Arizonans react to blocked immigration order

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By Tami Hoey By Tami Hoey

PHOENIX -- Activists held rallies across the Valley Tuesday as word spread that many of the undocumented immigrants with plans to apply for deferred deportation would have their dreams deferred.

A federal judge blocked President Barack Obama's executive order that would give legal status to millions of immigrants. Immigrants would have been able to begin applying on Wednesday.

"We’re heartbroken," says Idalia Cervantes, whose parents are undocumented. "We heard about this at midnight and it was tears; it was complete tears."

Cervantes' parents moved to the United States in 1993. She says they were planning to apply under DAPA in May. With this ruling, it is unclear when or if they will be able to apply for legal status.

"My mom has worked as a babysitter all her life and my dad is a musician all his life, living under the shadows," Cervantes says. "It has been 20-plus years and honestly, it is not healthy for a human being to be living in the shadows."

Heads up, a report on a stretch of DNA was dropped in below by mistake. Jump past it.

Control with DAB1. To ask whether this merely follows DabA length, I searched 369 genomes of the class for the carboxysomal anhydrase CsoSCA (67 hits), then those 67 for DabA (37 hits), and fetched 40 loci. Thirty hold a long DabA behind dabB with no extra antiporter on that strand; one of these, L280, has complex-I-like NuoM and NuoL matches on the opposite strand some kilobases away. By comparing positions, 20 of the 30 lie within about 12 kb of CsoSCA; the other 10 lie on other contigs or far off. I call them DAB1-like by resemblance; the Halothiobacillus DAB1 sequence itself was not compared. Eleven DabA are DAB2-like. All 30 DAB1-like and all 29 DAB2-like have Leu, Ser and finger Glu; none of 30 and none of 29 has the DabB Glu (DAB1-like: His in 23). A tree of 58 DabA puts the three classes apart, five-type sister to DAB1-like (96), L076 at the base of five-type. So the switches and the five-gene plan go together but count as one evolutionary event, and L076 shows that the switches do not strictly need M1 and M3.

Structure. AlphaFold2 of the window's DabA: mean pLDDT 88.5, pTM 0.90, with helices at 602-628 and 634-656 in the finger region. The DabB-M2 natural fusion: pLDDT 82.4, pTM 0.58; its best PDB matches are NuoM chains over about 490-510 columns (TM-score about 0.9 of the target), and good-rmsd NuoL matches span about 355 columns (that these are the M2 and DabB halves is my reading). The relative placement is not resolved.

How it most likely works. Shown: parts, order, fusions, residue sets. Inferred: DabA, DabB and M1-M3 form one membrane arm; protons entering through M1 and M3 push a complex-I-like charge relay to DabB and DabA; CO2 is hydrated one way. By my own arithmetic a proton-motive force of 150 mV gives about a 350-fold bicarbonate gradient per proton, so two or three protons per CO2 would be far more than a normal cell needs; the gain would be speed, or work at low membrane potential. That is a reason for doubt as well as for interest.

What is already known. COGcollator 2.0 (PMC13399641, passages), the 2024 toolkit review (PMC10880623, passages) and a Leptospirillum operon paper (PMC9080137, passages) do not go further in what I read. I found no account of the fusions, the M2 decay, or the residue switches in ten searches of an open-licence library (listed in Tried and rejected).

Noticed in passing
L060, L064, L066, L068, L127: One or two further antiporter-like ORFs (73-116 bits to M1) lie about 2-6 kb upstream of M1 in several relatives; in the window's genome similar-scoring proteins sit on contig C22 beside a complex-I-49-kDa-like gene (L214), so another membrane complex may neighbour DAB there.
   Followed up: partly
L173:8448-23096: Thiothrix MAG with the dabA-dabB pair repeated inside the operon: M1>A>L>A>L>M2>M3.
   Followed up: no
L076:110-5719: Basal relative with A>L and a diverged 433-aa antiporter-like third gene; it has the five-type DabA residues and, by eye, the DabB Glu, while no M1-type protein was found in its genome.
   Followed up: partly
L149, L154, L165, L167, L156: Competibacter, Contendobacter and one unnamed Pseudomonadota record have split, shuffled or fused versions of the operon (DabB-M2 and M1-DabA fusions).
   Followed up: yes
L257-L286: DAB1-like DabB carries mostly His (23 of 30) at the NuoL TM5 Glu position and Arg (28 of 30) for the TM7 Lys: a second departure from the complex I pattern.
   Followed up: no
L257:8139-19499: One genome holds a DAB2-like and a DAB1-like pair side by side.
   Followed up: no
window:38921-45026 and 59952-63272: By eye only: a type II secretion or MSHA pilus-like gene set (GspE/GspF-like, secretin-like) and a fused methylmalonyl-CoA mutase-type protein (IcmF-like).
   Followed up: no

Arizona is one of 26 states that are part of a lawsuit challenging President Barack Obama's executive order. The judge's ruling allows time for public comment and for the lawsuit to move forward.

Lawmakers called on Governor Doug Ducey to pull out. "Just drop the lawsuit, save the money and really start healing the view that people have of Arizona," Rep. Ruben Gallego says.

"Let’s be real about what’s going on here folks," says state Senator Martin Quezada. "They shopped around, they found a judge that was vocal in his opposition to President Obama, vocal in his opposition to any kind of immigration reform, vocal about his anti-immigrant sentiment."

Activists are encouraging immigrants to continue preparing to apply, confident the judge's ruling will be overturned. Cervantes says she is confident as well: "I know that we’re going to win and I know that this is just a speed bump."